Is there such a thing as a Bar on Double Jeopardy in International Criminal Law?

On February 3, 2014, the Office of the Prosecutor (OTP) at the International Criminal Tribunal for the Former Yugoslavia (ICTY) filed a request to reconsider the acquittal of former Chief of Staff of the Yugoslav Army Momčilo Perišić for aiding and abetting crimes committed in Sarajevo and Srebrenica between 1993 and 1995. He was acquitted by the Appeals Chamber of the ICTY based on the legal determination that in order to aid and abet crimes, one must have a specifically directed the crimes in question. Subsequent decisions by the ICTY have called this legal finding into question. The OTP now seeks to undo what it sees as an injustice. Should they be allowed to reopen the case after acquittal on appeal?

The Rules of Procedure and Evidence (RPE) of the tribunal allow for a decision or judgment to be “reviewed.” Rule 119 provides as follows:

Where a new fact has been discovered which was not known to the moving party at the time of the proceedings before a Trial Chamber or the Appeals Chamber, and could not have been discovered through the exercise of due diligence, the defence or, within one year after the final judgement has been pronounced, the Prosecutor, may make a motion to that Chamber for review of the judgement. If, at the time of the request for review, any of the Judges who constituted the original Chamber are no longer Judges of the Tribunal, the President shall appoint a Judge or Judges in their place.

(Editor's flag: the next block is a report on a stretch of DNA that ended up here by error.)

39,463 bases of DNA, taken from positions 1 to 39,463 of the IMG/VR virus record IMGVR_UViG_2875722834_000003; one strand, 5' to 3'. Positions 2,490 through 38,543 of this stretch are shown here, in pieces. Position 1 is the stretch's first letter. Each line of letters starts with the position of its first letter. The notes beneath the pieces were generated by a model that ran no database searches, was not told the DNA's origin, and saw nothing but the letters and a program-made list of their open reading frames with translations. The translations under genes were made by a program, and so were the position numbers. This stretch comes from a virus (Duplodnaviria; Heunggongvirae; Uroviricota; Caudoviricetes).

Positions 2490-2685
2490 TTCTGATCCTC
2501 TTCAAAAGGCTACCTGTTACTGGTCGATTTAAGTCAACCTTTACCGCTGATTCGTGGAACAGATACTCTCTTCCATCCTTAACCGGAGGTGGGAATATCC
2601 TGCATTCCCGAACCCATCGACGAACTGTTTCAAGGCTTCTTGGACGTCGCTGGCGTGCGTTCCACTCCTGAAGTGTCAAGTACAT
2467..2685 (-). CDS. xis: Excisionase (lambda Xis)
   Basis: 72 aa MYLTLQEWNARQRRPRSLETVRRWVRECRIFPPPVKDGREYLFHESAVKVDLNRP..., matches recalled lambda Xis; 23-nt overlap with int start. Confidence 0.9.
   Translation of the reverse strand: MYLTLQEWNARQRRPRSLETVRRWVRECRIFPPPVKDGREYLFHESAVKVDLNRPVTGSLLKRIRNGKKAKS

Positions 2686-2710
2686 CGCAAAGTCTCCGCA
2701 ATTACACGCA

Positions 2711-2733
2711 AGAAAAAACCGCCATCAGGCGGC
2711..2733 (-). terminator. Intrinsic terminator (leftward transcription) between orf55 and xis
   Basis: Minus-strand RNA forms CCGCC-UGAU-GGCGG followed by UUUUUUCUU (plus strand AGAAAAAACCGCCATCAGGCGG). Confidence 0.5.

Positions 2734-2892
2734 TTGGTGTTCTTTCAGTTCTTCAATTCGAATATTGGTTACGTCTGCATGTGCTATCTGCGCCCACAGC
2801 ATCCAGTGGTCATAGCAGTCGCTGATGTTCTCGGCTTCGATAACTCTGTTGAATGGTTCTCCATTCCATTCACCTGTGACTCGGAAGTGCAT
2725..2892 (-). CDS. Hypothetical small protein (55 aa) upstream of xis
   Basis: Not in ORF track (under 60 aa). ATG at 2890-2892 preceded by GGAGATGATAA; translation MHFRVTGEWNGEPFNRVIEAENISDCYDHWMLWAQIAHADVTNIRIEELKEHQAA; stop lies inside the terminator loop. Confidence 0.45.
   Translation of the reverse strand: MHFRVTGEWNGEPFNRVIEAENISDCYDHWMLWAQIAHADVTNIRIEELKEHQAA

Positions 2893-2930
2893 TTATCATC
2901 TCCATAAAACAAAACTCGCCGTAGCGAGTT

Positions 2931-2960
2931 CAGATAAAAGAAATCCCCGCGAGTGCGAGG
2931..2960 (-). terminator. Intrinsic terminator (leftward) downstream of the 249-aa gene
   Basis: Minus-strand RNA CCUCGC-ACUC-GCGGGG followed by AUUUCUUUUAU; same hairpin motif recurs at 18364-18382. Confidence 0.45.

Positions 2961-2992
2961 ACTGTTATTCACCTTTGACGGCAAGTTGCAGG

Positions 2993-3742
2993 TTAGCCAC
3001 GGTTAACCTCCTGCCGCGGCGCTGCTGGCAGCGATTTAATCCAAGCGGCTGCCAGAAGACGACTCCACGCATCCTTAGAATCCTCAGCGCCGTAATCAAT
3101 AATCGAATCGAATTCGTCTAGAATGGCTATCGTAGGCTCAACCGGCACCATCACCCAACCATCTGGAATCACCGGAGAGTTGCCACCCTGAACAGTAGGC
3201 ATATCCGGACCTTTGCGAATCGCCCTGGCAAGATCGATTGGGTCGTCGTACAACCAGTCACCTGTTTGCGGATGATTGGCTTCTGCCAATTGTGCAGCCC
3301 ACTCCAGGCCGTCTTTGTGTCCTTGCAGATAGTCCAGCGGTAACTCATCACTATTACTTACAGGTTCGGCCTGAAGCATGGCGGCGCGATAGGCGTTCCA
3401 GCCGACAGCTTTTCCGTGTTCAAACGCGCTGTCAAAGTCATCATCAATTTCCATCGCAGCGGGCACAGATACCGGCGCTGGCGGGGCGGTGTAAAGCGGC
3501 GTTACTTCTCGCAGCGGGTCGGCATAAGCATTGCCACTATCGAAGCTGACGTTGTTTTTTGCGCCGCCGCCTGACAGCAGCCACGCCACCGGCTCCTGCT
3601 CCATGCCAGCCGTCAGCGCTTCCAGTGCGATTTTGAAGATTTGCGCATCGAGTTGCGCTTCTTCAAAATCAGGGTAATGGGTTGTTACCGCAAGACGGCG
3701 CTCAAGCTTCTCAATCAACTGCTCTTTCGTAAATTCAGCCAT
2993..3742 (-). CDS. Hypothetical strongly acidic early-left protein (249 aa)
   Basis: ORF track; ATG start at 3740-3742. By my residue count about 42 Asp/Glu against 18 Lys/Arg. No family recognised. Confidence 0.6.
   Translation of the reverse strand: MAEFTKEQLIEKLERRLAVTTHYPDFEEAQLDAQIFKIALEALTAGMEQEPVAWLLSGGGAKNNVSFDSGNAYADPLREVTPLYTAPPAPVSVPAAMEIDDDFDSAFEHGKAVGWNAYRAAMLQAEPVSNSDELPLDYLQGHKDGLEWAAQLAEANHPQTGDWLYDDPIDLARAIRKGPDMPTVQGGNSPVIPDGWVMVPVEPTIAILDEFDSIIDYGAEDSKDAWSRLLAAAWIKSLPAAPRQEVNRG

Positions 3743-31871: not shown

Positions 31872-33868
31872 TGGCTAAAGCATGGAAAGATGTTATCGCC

The formal requirements for such a motion are that there is a new “fact” and, in this case, that the request is made within one year of the issuance of the judgment in question.

Starting with the second requirement, we can see that it has clearly been satisfied. The Perišić judgment was issued on February 28, 2013, while the request was filed on February 3, 2014, just under the wire. The more interesting question is whether a determination of law is a new “fact” that can be raised to review a judgment of acquittal. I do not believe it is. Legal interpretations should not be considered “facts” for the purpose of a review of a judgment of acquittal for two reasons, one dealing with a simple interpretation of the rule and the other with general principles of justice.